The Hunting Party

The Hunting Party
The Hunting Party
Starring: Richard Gere, Terrance Howard, James Brolin,
Written and Directed by: Richard Shepard
Rated: R for strong language and some violent content.
Run Time: 96 min
Studio: Weinstein

War themed films aren't doing well at the box office lately, and you do not need to be a rocket scientist to figure out why. Evidently, the movie goers have their hands and hearts full of "real- time" Iraq, Iran, and Afghanistan, and do not find the subject of war "entertaining." Which is probably the reason so few people gave The Hunting Party a chance when it was first released. The Weinstein studio, however, was determined to make audiences notice this film which will be re-released, this time a "wide-release" meaning it will open in more mainstream theatres as a opposed to just a few art houses.

The Fox, Bosnia's number one war criminal, is being sought after by Simon Hunt (Gere), a disgraced, but overly confident, daredevil reporter and Duck (Howard), his loyal cameraman. Once an award winning team, the fearless journalists put their lives on the line to bring viewers combat action. But in the midst of one too many combat atrocities, Hunt has a meltdown on live television, and loses his career. Duck is promoted. Five years later the duo reunite, and along with a third musketeer named Benjamin, an aspiring young journalist, they search for The Fox. Along the way, they are mistaken for CIA operatives, and then The Fox begins to hunt them.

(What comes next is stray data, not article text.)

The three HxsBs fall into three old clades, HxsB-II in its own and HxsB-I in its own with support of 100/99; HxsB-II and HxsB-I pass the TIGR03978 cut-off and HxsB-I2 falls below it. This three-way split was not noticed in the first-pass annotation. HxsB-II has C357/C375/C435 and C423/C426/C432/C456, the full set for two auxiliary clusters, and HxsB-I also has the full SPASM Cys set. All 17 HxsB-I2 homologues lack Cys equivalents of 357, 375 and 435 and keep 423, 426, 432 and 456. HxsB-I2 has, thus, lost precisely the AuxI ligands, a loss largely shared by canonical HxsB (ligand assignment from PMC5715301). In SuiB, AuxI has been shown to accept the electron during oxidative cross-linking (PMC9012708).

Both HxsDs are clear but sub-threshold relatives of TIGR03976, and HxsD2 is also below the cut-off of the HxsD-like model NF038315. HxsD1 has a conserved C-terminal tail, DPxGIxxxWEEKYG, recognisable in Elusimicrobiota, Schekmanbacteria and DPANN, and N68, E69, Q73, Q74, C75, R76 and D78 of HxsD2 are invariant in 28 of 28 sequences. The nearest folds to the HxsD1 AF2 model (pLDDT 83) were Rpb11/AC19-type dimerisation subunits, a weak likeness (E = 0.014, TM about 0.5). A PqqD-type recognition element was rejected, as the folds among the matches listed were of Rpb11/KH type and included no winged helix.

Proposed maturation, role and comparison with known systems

Writer and Director Richard Shepard is no stranger to unusual hits, he breathed new life into Pierce Brosnan's career when Shepard cast him in his 2005 hit film The Matador.

By the year's end Howard will have starred in eight films. Where this might be looked upon as overexposure for some actors, fans seem to enjoy and not tire of the versatility and style that he brings to each role.

In all the The Hunting Party is basically lighthearted and interesting. The movie is based on the Esquire article 'What I Did On My Summer Vacation' by Scott Anderson. And while, war is the thematic backdrop, humor and wit carry this tale about career, love, second chances, and "til death do us part" friendship (no, that was not a spoiler).

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